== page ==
Let me tell you how bad the roads are in the Parish. I have church members who have been driving in the ditch to avoid their road. They drove in the ditch until it developed potholes. Then they drove in the corn field to avoid the potholes in the ditch. Now the cornfield has potholes. This story is basically the same all over this Parish. Folks are giving up on the Parish and are taking matters in to their own hands. I have church members who have bought and spread their own gravel to repair their road.
Parish Government suffers from systemic organizational dysfunction. That is known as, “we can’t find our tails with both hands and a roadmap.” Some Monday nights I think the Parish Council will drive me to drink. For all these months I feel like I have been in the same meeting listening to the same complaints followed by the same excuses. Maybe they are filming a sequel to Groundhog Day and calling it Parish Council Meetings.
The roads in Natchitoches Parish and all the complaints about them are draining my soul. What drains your soul? A better question is what energizes your soul? I think writing this article I’m at least going to get some relief from my nagging pavement problem. I am doing one thing that I can actually do.
The late, great, country comedian, Jerry Clower, spun some funny yarns in his day. My favorite was his coon huntin story. Long story short, Jerry and his buddy went on a night coon hunt with a neighbor, Mr. Barron, and his hired hand, John Eubanks. John was known far and wide for his ability to climb trees. John believed in giving the coons a sporting chance. When pack of hounds treed a coon, John didn’t believe in shooting it out of the tree. Instead, he’d climb the tree and poke the coon with a sharp stick and knock him down amongst the dogs. The coon at least had the option of whooping all the dogs and getting away. The outcome was entirely up to the coon.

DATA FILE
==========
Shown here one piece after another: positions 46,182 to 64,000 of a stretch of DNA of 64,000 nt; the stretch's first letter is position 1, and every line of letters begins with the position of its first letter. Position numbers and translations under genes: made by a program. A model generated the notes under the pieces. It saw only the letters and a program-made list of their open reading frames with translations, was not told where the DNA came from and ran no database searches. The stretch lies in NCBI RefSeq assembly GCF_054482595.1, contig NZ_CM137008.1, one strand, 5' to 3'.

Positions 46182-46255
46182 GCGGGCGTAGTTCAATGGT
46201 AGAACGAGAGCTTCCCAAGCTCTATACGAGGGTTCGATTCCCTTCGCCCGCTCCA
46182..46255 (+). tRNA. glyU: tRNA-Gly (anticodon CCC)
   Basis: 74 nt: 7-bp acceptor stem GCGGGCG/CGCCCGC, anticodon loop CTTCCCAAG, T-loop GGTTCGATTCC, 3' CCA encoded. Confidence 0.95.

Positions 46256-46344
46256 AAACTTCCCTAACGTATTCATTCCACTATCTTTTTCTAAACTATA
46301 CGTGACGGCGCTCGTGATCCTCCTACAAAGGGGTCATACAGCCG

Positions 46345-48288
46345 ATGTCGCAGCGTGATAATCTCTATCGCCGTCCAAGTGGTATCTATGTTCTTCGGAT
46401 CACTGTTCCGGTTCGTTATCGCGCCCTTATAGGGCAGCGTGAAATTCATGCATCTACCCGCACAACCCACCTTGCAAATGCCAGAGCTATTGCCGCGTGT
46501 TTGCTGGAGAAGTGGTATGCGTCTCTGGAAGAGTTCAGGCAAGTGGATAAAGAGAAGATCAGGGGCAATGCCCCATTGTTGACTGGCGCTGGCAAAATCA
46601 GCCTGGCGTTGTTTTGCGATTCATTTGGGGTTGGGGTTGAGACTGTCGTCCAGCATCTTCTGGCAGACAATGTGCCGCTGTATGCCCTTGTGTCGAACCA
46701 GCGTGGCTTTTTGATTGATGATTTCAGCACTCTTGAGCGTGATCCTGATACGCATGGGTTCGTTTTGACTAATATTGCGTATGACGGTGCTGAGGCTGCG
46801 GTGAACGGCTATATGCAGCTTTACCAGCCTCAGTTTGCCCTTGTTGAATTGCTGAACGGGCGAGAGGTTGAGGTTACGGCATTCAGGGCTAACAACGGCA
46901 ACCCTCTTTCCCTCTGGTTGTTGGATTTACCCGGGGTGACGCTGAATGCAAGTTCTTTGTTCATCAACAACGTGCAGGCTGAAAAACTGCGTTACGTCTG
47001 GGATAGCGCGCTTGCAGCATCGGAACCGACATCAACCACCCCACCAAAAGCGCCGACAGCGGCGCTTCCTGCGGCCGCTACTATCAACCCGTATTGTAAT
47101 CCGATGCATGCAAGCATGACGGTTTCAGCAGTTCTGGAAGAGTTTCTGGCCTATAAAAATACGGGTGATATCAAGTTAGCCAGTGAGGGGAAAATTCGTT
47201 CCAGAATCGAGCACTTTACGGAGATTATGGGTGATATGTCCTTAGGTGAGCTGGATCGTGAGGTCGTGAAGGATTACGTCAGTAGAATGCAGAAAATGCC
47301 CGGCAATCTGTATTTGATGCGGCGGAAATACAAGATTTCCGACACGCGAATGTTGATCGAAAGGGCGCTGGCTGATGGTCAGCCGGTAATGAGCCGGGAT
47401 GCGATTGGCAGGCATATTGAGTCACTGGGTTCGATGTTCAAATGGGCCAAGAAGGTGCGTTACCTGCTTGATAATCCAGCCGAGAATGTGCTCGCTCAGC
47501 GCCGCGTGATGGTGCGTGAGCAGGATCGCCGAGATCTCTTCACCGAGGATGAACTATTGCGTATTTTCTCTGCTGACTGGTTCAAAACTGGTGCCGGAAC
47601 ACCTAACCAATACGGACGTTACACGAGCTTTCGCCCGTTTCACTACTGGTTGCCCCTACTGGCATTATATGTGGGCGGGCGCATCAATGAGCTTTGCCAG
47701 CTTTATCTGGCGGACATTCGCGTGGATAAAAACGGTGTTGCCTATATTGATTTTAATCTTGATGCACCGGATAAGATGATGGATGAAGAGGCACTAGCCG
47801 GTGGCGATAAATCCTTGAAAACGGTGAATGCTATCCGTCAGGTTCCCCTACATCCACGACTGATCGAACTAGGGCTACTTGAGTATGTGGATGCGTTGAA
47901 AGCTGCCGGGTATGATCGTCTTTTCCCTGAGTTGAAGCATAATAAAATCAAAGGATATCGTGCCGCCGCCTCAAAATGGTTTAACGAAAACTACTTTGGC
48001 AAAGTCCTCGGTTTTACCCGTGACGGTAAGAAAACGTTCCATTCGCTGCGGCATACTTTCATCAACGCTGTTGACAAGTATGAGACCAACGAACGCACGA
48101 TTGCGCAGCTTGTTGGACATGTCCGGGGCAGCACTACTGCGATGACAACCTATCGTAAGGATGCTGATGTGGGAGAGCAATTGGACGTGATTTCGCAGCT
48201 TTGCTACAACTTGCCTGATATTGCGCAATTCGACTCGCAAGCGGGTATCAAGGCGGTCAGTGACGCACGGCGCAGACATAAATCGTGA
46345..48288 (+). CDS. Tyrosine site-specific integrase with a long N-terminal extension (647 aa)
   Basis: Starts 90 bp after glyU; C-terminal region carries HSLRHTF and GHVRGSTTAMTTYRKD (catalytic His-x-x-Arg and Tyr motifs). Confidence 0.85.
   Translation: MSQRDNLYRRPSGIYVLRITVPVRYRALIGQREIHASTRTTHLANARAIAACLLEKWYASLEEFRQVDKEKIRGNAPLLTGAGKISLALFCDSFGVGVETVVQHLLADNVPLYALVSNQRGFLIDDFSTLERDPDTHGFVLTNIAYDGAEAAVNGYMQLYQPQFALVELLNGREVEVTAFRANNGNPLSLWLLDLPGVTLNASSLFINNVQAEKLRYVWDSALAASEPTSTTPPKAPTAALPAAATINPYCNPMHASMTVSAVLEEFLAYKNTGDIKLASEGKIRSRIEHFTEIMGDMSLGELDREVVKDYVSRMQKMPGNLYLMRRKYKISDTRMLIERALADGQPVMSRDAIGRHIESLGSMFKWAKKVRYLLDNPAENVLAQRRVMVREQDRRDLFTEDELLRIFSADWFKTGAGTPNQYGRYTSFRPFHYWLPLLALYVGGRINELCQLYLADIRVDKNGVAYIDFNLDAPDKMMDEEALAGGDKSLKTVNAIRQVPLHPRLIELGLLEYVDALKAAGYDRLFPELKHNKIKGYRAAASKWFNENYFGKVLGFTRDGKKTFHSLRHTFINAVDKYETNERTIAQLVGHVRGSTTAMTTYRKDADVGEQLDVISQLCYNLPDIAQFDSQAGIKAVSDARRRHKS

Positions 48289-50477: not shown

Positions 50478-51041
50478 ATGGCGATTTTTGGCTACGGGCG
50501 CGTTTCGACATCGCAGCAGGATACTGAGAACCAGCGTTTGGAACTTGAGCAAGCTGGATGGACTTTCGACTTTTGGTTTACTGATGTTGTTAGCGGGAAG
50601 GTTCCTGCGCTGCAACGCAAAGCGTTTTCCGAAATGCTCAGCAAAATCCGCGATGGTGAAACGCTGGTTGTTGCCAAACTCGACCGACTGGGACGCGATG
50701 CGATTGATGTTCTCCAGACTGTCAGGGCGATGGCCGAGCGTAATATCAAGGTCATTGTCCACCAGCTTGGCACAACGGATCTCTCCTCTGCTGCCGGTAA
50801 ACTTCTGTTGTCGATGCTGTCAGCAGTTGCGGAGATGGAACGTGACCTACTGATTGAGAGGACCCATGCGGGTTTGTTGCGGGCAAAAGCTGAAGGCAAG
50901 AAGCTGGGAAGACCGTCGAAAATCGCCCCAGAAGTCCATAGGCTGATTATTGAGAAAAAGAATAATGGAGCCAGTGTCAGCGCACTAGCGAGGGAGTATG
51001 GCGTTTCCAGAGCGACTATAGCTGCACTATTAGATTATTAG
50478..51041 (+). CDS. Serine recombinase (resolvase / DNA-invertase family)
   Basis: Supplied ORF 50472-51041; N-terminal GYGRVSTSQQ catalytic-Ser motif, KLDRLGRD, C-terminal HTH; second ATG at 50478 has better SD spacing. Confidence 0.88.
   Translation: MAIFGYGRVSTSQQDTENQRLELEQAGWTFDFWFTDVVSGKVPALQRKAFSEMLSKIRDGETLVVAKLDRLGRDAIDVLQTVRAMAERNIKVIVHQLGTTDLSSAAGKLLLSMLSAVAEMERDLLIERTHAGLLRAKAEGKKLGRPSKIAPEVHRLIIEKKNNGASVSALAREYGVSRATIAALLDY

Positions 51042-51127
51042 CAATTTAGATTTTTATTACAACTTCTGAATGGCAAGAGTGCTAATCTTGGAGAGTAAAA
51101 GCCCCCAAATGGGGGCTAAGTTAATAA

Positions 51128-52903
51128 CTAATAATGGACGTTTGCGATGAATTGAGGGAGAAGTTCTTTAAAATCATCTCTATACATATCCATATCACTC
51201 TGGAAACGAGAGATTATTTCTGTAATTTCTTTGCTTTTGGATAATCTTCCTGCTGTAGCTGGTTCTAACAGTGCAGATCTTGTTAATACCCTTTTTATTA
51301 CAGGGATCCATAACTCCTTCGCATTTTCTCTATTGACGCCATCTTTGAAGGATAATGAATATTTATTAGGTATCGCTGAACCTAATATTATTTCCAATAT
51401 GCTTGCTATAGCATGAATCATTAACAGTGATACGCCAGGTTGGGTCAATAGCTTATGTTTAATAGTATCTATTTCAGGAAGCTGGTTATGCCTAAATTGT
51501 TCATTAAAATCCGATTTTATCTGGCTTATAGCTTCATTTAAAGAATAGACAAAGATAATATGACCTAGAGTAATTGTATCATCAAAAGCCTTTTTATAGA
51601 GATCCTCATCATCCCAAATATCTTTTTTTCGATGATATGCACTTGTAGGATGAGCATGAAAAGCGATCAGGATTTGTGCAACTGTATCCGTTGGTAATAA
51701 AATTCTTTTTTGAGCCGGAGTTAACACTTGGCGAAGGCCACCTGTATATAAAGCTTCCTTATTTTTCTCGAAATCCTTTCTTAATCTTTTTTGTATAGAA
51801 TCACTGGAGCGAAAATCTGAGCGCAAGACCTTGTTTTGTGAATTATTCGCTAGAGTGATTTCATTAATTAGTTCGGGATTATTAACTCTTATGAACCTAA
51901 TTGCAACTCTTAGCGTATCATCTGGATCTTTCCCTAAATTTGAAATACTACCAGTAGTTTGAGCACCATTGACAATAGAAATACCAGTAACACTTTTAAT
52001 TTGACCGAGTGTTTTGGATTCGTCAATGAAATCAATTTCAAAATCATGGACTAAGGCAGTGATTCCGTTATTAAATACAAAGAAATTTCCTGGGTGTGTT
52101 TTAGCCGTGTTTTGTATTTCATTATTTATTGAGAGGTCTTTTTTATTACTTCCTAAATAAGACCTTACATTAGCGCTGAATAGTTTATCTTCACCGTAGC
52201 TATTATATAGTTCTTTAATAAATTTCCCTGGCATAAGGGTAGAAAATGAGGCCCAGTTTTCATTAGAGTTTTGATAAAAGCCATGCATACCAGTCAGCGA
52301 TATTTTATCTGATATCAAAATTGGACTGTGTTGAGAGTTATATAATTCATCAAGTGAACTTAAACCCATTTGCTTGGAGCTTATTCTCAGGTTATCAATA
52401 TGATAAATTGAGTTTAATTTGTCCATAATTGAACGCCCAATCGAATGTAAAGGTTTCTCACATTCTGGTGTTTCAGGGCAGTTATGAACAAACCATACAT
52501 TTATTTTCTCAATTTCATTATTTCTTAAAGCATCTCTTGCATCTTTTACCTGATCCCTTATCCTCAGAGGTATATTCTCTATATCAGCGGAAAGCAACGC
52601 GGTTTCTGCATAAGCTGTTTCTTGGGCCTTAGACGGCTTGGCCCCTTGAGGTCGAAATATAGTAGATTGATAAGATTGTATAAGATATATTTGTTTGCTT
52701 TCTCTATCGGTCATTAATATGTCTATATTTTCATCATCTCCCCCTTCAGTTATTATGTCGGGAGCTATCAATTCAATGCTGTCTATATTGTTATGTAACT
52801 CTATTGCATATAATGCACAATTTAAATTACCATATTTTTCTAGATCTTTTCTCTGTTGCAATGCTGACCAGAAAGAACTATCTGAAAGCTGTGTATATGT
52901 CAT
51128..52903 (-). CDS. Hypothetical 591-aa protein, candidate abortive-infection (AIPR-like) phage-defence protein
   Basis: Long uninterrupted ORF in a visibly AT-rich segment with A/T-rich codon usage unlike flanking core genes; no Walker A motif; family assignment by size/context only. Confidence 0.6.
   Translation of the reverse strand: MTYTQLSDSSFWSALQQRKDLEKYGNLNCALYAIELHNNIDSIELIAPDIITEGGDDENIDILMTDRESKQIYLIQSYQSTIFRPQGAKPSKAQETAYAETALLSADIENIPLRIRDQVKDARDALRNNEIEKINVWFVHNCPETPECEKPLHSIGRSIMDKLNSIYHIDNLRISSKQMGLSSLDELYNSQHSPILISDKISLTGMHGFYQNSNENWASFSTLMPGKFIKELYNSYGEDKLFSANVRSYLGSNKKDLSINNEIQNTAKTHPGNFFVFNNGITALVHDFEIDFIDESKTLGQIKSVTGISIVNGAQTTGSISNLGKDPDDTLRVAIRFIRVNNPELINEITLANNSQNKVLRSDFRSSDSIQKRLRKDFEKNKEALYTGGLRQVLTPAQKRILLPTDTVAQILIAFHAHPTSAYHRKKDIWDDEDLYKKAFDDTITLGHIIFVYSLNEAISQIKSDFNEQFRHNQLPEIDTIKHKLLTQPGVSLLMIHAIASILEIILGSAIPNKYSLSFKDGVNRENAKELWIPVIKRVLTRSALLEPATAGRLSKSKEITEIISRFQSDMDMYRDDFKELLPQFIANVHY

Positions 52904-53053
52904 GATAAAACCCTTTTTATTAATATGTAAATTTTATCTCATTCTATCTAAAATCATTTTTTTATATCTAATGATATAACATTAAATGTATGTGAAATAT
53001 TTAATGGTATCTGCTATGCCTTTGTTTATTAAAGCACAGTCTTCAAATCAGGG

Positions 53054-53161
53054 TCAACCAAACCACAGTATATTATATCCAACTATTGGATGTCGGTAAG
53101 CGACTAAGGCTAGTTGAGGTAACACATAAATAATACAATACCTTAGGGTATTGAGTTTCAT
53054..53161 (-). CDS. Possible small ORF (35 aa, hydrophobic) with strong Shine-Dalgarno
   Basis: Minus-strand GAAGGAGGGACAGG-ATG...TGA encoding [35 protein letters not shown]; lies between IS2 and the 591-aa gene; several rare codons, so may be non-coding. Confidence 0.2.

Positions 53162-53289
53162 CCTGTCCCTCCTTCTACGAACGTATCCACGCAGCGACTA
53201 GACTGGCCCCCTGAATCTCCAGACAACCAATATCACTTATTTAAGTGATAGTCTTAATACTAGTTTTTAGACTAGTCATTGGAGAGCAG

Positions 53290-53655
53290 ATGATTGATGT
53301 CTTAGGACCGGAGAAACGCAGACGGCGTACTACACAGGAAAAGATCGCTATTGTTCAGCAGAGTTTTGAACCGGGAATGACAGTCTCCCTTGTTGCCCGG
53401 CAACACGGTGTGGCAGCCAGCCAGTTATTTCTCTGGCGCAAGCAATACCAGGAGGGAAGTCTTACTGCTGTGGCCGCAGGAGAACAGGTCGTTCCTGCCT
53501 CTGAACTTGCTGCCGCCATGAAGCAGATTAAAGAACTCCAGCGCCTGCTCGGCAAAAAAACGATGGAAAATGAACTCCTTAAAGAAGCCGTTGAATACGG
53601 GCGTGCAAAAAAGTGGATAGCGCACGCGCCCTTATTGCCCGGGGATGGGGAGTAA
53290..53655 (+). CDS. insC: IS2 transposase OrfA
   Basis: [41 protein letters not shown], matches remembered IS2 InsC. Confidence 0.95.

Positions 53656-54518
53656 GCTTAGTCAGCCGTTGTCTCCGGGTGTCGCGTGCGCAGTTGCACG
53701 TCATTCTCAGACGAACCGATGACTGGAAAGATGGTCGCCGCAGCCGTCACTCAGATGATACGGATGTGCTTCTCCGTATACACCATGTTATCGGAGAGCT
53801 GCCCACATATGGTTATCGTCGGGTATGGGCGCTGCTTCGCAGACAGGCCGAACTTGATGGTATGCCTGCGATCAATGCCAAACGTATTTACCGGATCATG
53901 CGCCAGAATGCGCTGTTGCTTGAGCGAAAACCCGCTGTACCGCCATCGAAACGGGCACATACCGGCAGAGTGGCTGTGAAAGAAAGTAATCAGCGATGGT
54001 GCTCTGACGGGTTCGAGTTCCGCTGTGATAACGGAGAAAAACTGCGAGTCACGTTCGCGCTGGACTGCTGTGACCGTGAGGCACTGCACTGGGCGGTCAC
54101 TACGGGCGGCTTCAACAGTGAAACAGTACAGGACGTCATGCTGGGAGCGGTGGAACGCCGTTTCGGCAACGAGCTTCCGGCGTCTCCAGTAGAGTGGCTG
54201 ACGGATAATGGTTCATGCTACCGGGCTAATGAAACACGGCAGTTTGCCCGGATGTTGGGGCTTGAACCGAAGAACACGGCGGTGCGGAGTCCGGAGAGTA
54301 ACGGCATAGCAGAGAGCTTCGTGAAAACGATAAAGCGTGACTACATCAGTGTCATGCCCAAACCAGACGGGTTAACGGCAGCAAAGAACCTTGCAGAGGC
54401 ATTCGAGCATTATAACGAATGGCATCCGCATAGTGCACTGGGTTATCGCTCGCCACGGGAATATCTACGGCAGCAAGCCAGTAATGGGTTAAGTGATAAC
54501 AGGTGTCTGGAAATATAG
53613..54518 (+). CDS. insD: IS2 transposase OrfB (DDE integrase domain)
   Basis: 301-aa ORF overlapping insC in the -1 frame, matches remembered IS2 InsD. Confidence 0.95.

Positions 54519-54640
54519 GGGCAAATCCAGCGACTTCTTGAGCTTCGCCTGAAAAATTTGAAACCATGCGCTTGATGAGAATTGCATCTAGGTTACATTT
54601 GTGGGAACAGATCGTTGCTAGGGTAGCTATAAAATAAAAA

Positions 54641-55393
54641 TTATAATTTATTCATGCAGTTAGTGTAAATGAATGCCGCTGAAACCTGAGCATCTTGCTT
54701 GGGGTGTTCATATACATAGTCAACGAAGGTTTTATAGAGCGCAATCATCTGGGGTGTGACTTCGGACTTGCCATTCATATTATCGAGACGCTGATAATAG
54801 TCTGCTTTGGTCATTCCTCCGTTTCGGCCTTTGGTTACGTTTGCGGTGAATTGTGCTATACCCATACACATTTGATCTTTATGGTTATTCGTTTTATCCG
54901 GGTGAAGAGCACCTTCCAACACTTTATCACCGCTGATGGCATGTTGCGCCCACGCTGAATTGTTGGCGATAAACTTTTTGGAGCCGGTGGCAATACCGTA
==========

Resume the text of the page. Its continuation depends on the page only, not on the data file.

This dark night, things were going according to script until John, high up in a huge tree, poked the treed coon with his sharp stick, and the coon turned out to be a lynx, what they called a souped-up wild cat around those parts. Instead of falling, the lynx stood his ground, so to speak, and started making minced meat out of poor old John.
John yelled down to Mr. Barron, who had a pistol, “Shoot this thang, shoot this thang—it’s killing me.
Mr. Barron yelled back, “I can’t shoot it, I might hit you.”
“Shoot this thang.”
“Can’t, might hit you.”
Finally, in desperation, John yelled down, “Well, just shoot up in here amongst us. One of us got to have some relief.”
Here it is folks, either the Parish receives more tax revenue for the roads or we keep heading in the direction we are headed. We need something to give us some relief. No one is coming to our financial rescue. Truth is often hard to swallow.
The roads declined during the last 40 years of the Police Jury form of government. What one could have fixed easily was a pothole. The roads we have are a result of patching potholes and not repairing the base of the roads. My muse reminded me that patchwork is only appropriate for quilts. The frustration my caller was voicing is that we can’t seem to get even potholes fixed under the Parish Council form of government. Actually, he lives on a dirt road. He was not asking for pavement. He wanted his dirt smoothed out. I don’t know whether to cuss or cry.
The fault lies not with the form of government but with those who lead and work in this form of government. (I am pointing at myself.) The challenge is never about form, it is always about content. Jesus warned it is not the form of your words that cause problems; rather it is the content of your heart.
He also taught us to keep our word…even to one frustrated resident of our Parish.